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where I'd like to travel

the question meme is producing more questions. slemslempike asked, Do you have any plans about where you'd like to travel internationally?

yes, but the plans are still vague. I posted before that I felt bad about never having traveled, like a person needs to get out in the world to gain some perspective. So we are trying to go to europe next year.

Spain is a candidate because marc and I both speak a tiny bit of spanish, not a ton but with some brushing up there's hope. Also since it's on the coast we'll get a much different lifestyle than we get in our landlocked state we live in.

Switzerland is a candidate because marc has a good friend who lives there, and having a local guide can really help out, in any city you go. I'm worried it might be a little weird to get to.

Amsterdam is a candidate because I've always wanted to go there for the museums, I've heard it's friendly and easy to get around.

I'm kinda wondering how the trains work, if we spend a week there would it take way too much time away if we took a train to see a second country? I hear these stories that make it sound like people "do europe", I don't know if that's a better option or if we should stick to a single city and emerge ourselves in one culture.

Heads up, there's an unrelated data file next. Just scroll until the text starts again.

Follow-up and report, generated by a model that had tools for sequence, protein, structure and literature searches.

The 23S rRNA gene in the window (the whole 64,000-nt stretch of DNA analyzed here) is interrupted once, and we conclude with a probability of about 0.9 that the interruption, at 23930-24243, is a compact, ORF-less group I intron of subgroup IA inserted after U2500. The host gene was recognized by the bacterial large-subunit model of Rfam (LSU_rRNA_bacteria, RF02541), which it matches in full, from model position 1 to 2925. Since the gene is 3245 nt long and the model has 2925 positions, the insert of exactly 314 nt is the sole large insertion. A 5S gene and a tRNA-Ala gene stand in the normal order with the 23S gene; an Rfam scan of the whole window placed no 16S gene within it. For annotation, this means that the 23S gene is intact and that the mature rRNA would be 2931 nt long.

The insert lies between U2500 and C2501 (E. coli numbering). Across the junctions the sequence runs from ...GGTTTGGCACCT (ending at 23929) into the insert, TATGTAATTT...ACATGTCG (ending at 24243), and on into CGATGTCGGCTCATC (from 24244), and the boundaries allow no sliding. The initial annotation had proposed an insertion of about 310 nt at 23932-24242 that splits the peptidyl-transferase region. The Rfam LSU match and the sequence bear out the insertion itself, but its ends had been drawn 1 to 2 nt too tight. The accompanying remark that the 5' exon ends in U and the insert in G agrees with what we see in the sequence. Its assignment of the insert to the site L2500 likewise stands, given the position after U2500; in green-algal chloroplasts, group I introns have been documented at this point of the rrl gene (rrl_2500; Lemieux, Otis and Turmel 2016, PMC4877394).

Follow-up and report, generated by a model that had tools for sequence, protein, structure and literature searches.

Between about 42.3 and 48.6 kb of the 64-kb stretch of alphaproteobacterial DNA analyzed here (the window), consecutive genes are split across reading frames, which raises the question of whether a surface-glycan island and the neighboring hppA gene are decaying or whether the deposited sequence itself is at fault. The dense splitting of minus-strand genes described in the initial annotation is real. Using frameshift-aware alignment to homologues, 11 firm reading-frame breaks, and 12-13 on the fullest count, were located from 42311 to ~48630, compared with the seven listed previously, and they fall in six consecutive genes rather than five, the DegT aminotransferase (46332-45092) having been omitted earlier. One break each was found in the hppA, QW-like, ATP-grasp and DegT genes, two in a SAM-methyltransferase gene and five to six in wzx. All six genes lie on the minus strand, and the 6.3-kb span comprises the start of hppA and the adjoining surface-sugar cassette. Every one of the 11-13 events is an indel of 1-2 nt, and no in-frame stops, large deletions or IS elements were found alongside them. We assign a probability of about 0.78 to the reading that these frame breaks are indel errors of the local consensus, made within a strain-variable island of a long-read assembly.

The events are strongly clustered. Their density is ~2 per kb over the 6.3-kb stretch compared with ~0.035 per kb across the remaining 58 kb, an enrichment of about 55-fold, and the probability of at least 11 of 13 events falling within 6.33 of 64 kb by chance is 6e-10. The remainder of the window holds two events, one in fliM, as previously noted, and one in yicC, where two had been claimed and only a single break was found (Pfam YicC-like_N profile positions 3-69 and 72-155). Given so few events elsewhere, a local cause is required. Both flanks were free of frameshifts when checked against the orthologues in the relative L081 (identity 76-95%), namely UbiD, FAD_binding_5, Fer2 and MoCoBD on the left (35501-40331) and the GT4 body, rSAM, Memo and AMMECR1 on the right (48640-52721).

The following countries have been kicked around, but are not candidates:

England - Sorry people but I really cannot imagine this being that much different from America. I want an eye-opening world travel experience. I don't think I'll get that if I go someplace where they all speak english, that's cheating isn't it? And I work with people from England every day. If I want to talk to someone from England I can go across the aisle, so why fly across the ocean to meet more? Same with Australia.

India - Too different, I'm not ready, people said it'd be daunting. Also I want to go someplace where I can trust the food and water and I'm not so sure I'm ready for that elsewhere. I do want to go to India for sure someday but not next year.

Japan - Sounds so cool I actually don't want to go there for our first trip. We're bound to screw something up in all this, so let's not start with one of our #1 destinations.

So next steps... I might see if there's a local travel agent who could give us advice on this, or just a well-traveled person. I know how to find guidebooks but they're mostly about what to do when you're at a country, not how to plan to get there, right? Also we're getting passports this year, for sure.

I really want this to happen. I feel bad that I'm in my mid-30s and haven't been off the continent yet.


( 21 comments — Leave a comment )
Apr. 16th, 2015 06:44 pm (UTC)
I've always wanted to go to Japan too! The problem is that there's never conferences there- I tend to tag along with my husband's work trips, or mine. I did some travelling before I had the 1.5 kids but haven't since having them.